It’s Monday morning. You are lying in bed, desperately trying to find the motivation to get up and face the day. The job has always been stressful, but you have never felt so terrible about the prospect of going to work. You are exhausted all the time and nothing you do at work seems to make a difference. A job that you used to be so passionate about has now become something that leaves you feeling utterly empty.
Burnout is an extreme response to occupational stress. It happens when excessive demands upon an employee reach a critical point, leading to exhaustion and feelings of helplessness. Other risks of burnout include reduced perspective and critical thinking skills, emotional difficulties, and adoption of a negative world view. Burnout is most common for workers in a caring or supportive role, such as social care or education. However, it can affect anyone and have a significant impact on your mental health.
The good news is that employers have a share of responsibility to prevent burnout at work. Staff should always be appropriately supervised and employers should recognise both the strengths and weaknesses of their employees. If possible, employers should always provide staff with ‘time-outs’ in their work schedule, as well as providing adequate time to catch up on paperwork and relevant training. Staff meetings should be used to identify problems in the workplace and seek solutions to them. Employees should feel comfortable being open about the difficulties they experience and employers should ensure that their staff feel valued for the work they do. Most importantly, employers can provide proactive support to act as a preventative measure to avoid further stress and burnout. It is increasingly common for large companies to provide staff with therapeutic support to prevent excessive stress and burnout through employee assistance programmes (EAP).
Ultimately, the person with the greatest responsibility for avoiding burnout is yourself. In today’s busy and demanding work environments, it is vitally important to understand the value of 'self-care'. It is your responsibility to look after and value yourself. First and foremost, aim to achieve a correct work / life balance, especially if you work night-shifts. Having time away from your place of work is essential for personal refreshment and growth. Enthusiastic employees often put aside their personal interests for the sake of their career. Avoid being so involved in meeting the needs of your job that you do not attend to your own needs. Understand your capabilities but also your limitations. Overestimating or underestimating your own skills in the workplace might lead to difficulties with self-esteem and personal effectiveness.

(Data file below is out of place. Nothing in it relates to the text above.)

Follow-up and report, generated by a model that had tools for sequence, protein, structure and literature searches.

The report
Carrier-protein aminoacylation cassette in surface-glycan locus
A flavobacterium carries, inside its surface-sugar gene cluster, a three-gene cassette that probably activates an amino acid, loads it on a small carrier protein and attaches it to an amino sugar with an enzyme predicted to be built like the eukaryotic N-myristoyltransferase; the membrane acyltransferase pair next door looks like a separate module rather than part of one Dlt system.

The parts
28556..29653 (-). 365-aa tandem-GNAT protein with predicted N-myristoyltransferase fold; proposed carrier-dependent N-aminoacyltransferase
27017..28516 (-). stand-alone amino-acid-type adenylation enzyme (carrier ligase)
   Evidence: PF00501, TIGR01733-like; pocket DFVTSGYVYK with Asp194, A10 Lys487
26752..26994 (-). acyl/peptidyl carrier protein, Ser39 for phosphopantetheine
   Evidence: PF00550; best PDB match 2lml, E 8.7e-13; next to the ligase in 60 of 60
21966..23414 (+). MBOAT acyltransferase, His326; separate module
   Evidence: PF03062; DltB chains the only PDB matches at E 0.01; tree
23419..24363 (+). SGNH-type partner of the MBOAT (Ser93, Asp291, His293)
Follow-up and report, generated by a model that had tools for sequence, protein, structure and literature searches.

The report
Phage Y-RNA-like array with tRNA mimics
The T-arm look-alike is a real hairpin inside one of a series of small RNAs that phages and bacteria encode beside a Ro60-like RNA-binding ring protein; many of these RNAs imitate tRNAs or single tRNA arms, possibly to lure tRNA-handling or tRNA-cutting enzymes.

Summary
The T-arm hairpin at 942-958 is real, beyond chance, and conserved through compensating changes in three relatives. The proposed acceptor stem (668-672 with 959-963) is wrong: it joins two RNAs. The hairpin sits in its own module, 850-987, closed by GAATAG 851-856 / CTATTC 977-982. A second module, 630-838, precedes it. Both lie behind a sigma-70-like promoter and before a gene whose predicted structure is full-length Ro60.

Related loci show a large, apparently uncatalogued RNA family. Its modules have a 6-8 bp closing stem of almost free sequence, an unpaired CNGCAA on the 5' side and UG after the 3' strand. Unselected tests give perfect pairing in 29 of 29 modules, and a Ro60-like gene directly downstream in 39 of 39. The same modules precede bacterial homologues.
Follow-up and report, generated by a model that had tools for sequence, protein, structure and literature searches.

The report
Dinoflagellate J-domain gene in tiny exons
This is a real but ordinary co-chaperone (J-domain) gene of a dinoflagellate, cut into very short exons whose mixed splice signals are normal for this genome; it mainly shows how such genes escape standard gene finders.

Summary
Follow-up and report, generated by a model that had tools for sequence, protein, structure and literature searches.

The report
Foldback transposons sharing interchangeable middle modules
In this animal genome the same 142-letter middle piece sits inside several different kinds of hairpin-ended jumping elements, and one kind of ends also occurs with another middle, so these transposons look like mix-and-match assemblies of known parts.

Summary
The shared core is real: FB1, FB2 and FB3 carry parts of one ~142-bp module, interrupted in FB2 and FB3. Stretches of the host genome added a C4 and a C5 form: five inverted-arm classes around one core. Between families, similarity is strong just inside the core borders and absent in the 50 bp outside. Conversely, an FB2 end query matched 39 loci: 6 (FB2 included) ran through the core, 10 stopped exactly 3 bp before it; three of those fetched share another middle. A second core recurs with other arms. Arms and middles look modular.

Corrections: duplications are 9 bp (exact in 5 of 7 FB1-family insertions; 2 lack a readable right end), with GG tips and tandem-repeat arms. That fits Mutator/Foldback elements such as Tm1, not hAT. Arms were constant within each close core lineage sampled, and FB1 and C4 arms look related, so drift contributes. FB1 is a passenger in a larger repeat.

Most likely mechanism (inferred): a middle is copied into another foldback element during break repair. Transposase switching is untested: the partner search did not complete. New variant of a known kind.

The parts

Six simple tips for self-care:
- be mindful of your limits, do not be afraid to ask for help.
- eat well and avoid 'self-medicating' e.g. too much alcohol, chocolate etc.
- do not underestimate the importance of sleep. Running up a ‘sleep-debt’ is never a good thing.
- be active, exercise is not just good for the body but also the mind.
- make use of your support networks e.g. family, friends, colleagues.
- every day, do something you enjoy. Read a book, watch a tv programme you like, have a relaxing bath. Little rewards can have a big impact.
Taigh Sàmhchair: professional counselling and psychotherapy
Hereward Proops MBACP, registered member of the British Association for Counselling and Psychotherapy
01851 871094 / 07815662208